July 3, 2015 / 7:19 PM / 2 years ago

Ecclestone must help improve F1 image, says Mallya

SILVERSTONE, England (Reuters) - Force India co-owner Vijay Mallya has called on Bernie Ecclestone to work with teams to help “un-crap” Formula One if the commercial supremo thinks the product is not good enough.

Formula One impresario Bernie Ecclestone is reflected in the window of his bus before the start of the Austrian F1 Grand Prix at the Red Bull Ring circuit in Spielberg, Austria, June 21, 2015. REUTERS/Leonhard Foeger

Mallya was responding to recent media reports that suggested Ecclestone, 84, had denigrated the sport in comments to reporters.

The Briton, who has panned the quieter V6 turbo hybrid power units that have replaced the screaming V8s, has said he was misquoted and had been criticizing the engines rather than the sport as a whole.

Asked for a response, with the sport suffering from generally negative headlines, Mallya told a British Grand Prix news conference that Ecclestone ”shouldn’t be selling the product if he thought it was crap.

“Considering that he sells the product that he calls crap and makes billions out of it, he needs to work with the participants to un-crap it,” the Indian tycoon added to a ripple of laughter.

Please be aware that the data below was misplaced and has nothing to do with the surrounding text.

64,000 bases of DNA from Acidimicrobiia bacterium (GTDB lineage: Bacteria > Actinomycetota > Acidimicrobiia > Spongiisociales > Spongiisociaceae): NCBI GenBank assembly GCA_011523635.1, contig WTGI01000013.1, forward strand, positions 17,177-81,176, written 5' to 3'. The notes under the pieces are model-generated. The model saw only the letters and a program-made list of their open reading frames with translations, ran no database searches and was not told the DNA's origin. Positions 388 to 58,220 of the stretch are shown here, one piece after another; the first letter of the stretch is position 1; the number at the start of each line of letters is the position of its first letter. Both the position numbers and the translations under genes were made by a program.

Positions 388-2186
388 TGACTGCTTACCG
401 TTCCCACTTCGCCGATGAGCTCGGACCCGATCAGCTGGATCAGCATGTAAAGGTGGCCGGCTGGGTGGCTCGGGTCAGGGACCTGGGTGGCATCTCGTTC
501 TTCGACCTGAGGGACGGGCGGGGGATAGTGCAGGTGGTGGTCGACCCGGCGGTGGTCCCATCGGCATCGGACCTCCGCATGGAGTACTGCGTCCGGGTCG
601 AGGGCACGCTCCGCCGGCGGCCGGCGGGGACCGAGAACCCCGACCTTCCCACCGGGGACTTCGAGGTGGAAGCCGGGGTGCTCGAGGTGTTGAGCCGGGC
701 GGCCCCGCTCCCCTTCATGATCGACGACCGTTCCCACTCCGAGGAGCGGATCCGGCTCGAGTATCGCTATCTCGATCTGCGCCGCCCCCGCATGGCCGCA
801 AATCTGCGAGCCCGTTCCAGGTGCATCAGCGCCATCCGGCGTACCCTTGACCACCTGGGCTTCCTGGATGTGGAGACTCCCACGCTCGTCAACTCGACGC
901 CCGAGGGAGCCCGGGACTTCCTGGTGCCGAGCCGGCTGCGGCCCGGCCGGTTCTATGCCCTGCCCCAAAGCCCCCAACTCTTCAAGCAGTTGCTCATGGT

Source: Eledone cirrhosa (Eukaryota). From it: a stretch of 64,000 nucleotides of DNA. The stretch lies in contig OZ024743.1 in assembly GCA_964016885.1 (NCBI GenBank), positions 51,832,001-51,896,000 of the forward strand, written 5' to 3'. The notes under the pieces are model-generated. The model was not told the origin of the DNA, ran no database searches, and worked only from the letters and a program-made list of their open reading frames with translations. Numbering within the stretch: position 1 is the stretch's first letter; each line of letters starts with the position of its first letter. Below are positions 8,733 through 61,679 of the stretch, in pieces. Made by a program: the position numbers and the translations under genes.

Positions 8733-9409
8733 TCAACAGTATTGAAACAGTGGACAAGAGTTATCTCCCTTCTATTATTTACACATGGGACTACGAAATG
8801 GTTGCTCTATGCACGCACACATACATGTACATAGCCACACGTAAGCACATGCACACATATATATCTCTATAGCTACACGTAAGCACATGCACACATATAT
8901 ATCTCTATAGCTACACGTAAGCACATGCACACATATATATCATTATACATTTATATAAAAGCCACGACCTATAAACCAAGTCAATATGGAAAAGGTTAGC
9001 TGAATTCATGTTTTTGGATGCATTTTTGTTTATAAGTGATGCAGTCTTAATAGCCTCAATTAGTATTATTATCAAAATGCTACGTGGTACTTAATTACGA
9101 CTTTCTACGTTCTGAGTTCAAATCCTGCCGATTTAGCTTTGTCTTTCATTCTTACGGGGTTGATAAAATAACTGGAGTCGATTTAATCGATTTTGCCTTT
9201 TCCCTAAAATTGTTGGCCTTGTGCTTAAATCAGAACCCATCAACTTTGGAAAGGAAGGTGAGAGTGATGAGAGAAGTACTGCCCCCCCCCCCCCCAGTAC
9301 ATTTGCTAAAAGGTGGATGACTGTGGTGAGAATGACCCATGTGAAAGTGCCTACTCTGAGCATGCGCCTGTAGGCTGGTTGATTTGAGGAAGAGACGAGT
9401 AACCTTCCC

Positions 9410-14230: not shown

Formula One is facing dwindling audiences in some countries such as Germany, which does not have a race this year for financial reasons, although Silverstone is expected to see a record crowd of 140,000 on Sunday.

With champions Mercedes dominant, and engine performance the key factor, the sport is planning changes to make the racing more exciting.

A meeting of the key Strategy Group, that includes Mallya’s team as well as Ecclestone, decided a number of measures this week aimed at making cars faster, louder, harder to drive and more aggressive-looking.

Mallya, who has called for privately-owned teams like his to get a bigger share of revenues to help them survive and compete on more level terms, said he was all in favor of more competitive racing.

He also said, however, the sport could have a much more favorable image if teams were given a bigger share of the revenues and did not have to face constant questions about their financial health.

”Formula One is perhaps the most exciting sport in the world,“ he said. ”If Formula One is made sustainable for all participants I think the negativity will be removed.

“If the stability of all participants in Formula One is addressed as a matter of priority we will have more exciting racing and we will get a lot more positive media,” added the Indian.

Editing by Tony Jimenez

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